The problem is, when you don’t have open communication, love has no way to grow and becomes less sustaining and fulfilling. Ultimately, if you are holding a big secret inside, as Elaine is at the start of CHANGING FACES, it starts to poison your relationship…that secret has to come out, or you end up with the question I posed above: when love disappoints, what is the point?

See, you need to share all of yourself, when you’re in love with someone else. The good stuff, the bad stuff, the in between stuff…it all has to come out, or you aren’t truly joining with someone else. (That “two shall become one” Bible verse is not just about children, after all.) You have to be willing to be vulnerable, to open yourself up to potential ridicule — though someone who truly loves you isn’t going to do that, we are all human and we all worry about such things — and to hope that your love will grow, change, and flourish over time.

In the case of CHANGING FACES, Elaine is worried that Allen can’t possibly understand her gender-fluidity, as she barely understands it herself and she’s lived with it her entire life. She also was a child of the foster homes, as was Allen…while Allen was able to find a loving adoptive home after a while, Elaine never was, and worse, Elaine was raped while resident of her last foster home by five young men. It’s because of this atrocious act that Elaine can only barely accept Allen’s love for her in the first place, and it adds stress to an already stressful situation.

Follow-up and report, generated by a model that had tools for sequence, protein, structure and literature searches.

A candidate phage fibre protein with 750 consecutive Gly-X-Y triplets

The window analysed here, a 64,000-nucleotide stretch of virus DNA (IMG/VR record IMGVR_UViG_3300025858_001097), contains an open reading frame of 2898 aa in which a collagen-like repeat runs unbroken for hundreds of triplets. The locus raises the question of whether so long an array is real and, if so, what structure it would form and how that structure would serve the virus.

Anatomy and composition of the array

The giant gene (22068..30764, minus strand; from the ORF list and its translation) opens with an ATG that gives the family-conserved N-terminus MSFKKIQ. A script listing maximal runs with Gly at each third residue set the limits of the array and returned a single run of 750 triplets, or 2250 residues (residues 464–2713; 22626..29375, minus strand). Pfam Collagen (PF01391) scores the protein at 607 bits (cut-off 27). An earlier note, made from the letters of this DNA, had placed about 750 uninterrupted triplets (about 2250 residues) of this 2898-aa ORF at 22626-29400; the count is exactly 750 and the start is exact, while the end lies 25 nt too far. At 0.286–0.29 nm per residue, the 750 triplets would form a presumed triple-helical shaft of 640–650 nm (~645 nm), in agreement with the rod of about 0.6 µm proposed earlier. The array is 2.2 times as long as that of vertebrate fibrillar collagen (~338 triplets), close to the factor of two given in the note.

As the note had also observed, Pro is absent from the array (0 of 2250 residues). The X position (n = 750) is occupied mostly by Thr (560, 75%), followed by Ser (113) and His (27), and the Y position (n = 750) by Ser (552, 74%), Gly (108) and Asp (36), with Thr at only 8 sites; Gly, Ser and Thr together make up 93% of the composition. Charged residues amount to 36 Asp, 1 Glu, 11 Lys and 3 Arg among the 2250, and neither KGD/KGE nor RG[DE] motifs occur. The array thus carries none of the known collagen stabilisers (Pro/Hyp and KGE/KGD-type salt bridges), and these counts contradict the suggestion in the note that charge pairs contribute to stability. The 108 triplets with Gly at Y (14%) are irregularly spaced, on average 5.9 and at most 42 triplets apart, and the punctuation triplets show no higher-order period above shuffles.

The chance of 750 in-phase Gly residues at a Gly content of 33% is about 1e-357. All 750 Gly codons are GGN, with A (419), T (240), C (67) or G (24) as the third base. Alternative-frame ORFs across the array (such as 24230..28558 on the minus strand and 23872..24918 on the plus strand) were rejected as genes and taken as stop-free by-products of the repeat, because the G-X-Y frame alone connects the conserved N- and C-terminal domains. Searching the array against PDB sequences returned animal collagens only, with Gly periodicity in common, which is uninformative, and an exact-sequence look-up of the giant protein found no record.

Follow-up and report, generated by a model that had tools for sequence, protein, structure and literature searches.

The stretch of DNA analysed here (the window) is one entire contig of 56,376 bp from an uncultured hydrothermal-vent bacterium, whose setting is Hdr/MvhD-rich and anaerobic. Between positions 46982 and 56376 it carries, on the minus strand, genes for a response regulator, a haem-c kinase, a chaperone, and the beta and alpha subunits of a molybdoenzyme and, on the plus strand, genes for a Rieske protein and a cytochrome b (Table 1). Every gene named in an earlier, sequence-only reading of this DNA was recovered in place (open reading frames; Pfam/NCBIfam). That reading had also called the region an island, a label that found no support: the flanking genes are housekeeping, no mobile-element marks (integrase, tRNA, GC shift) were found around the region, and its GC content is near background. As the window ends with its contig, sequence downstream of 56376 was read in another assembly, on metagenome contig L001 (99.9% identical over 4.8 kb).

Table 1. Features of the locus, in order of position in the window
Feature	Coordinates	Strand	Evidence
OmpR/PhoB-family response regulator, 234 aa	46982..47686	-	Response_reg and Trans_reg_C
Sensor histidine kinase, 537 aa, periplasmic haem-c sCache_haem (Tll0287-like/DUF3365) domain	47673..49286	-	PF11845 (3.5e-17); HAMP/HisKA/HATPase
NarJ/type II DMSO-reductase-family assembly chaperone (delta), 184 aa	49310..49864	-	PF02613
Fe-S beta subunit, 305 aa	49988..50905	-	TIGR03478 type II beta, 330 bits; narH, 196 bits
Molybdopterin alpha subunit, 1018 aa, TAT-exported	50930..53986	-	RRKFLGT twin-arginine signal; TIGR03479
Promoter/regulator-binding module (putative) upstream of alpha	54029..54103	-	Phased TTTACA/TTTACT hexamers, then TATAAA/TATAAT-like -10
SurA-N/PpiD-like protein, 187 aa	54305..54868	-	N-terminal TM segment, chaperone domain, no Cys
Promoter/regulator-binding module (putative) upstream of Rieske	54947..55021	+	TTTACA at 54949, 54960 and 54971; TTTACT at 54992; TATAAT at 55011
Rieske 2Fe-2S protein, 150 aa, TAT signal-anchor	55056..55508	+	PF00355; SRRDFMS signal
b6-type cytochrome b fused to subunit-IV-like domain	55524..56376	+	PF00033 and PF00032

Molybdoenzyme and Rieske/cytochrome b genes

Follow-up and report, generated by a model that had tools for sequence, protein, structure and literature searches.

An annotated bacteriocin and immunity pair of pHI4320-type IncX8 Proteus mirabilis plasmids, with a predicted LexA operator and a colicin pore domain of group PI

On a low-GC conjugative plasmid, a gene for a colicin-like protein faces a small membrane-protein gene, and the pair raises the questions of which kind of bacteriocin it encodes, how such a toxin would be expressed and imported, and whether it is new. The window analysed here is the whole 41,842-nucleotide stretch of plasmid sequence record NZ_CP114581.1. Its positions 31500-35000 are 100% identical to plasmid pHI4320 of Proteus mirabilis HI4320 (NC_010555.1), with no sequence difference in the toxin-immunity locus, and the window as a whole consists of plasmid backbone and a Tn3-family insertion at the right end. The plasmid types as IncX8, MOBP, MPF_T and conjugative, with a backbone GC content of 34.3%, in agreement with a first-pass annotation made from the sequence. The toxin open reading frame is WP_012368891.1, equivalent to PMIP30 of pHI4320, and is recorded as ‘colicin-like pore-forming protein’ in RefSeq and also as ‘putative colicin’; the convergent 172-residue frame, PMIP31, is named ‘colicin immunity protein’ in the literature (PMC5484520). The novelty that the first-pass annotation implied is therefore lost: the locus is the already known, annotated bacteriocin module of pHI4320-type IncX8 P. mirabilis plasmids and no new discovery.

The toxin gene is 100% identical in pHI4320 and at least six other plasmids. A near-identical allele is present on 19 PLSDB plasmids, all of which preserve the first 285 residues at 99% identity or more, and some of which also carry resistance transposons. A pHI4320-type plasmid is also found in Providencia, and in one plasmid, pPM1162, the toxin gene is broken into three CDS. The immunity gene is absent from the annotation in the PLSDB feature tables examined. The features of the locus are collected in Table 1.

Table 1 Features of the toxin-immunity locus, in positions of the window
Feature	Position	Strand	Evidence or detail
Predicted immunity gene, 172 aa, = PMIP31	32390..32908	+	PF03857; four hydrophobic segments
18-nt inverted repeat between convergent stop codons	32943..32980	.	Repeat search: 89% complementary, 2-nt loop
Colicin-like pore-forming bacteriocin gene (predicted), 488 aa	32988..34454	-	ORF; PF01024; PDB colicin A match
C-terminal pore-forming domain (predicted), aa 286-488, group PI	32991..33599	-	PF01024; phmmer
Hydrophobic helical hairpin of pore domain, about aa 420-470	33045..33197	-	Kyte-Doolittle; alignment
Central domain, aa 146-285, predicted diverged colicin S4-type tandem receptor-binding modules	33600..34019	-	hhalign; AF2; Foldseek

You might be wondering why Allen keeps trying, hey? Well, he truly is in love with Elaine. He sees who she is, even if he doesn’t know about her gender-fluidity (he doesn’t care about her bisexuality at all; he figures he looks at women, she looks at women too, and they only go home with each other so that’s fine), and he loves her indomitable spirit. He sees her, entire, sees her soul, and loves her for who she is.

But of course, when she finally tells him about her gender-fluidity (and how she believes she’d rather live as a man, maybe get the surgery down the line to become a man outwardly, even though she’d always think of herself as a woman — did I mention that Elaine is a feminist scholar? No?), Allen is completely thrown.

Who wouldn’t be?

I mean, you live with someone for seven years, right? You love that person wisely and well, knowing how much she’s been hurt, appreciating that despite it all, she’s willing to turn to you and give you everything she has…and then you find out this secret.